By Cassie Fish, http://cassandrafish.com
Bulls believe the break is over and the market is going to hold the 100-day moving average in Apr LC and the 40-day moving average in Jun LC and rally. It has been a sizeable break in short order. Most active Jun LC has dropped 577 points since topping last Friday, so whether bullish or bearish, it’s understandable that the market would take a breather here.
The sobering fact though is that extremely key long-term support levels loom just beneath the market, looking at both spot and the Apr LC chart. Not only did Apr make a new low for the month yesterday but it came within 17 cents of the February low. Bull markets generally do not take out the prior month’s low after a long-term uptrend. The February low made by Apr LC, $125.75, is still above the spot low made in February by then spot Feb LC, which was $124.84, but the point here is many critical support points lie just beneath.
Yesterday’s break didn’t appear to be accompanying by much if any fund liquidation, so the threat of the flood gates of fund selling opening remains.
Cash Downtrend Begins
Packers have successfully begun backing negotiated cash cattle prices down and last week was likely the spring seasonal high for 2019. Prices were $2-3 lower and cattle have continued to trade at $125 to $126 today with as long as 21 days for pick up. Early reports show the national trade volume at 67k total head traded with Iowa and Nebraska totally 38k head between the two states. Expect packers to keep the pressure on going forward. Seasonally cash prices tend to break into the third week of April historically.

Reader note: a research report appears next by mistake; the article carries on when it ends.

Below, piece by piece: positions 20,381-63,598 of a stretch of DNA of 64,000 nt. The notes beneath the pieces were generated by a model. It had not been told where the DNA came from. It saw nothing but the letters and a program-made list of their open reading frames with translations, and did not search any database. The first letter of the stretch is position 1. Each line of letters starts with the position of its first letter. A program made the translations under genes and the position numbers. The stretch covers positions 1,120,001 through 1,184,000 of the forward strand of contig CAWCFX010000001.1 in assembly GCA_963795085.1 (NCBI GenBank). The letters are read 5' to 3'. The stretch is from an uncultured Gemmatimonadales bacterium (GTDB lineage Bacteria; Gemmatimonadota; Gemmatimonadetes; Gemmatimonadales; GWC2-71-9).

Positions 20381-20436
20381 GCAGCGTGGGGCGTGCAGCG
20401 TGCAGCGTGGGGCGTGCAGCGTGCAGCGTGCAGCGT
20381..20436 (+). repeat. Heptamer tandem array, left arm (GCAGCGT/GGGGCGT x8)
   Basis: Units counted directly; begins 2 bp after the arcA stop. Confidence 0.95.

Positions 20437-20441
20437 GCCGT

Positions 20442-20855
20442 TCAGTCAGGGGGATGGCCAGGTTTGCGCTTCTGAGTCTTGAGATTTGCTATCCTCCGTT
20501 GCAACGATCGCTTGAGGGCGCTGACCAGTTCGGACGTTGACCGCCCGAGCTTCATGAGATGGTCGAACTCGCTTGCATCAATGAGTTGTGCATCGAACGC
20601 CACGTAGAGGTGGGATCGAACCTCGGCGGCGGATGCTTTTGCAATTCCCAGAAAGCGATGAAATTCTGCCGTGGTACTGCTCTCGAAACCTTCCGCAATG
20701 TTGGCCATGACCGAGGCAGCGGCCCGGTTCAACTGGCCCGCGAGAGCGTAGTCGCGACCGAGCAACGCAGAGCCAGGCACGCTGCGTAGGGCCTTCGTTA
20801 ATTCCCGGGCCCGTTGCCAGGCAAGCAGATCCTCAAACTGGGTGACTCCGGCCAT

Boxed beef prices experience a similar seasonal and are expected to decline into the same time frame. The kill this week and next week is expected to be 625k to 630k head, just under last week’s 631k, as slaughter finally begins to pick up. Non-fed kill though is running about 22% of the weekly total, above a year ago.
Carcass weights are falling sharply, steer carcasses for week ended March 16 weighed a mere 865 pounds, down 12 pounds from a year ago. Unfortunately, the industry has such a large number of cattle on feed with out-dates between May 1 and September 1, that the number of head available to slaughter will offset the bullishness of the lighter weight carcasses. The degree of this ‘offset’ can be debated, but because of slaughter capacity limitations, it will allow the packer a great deal of leverage, despite each carcass producing fewer pounds.
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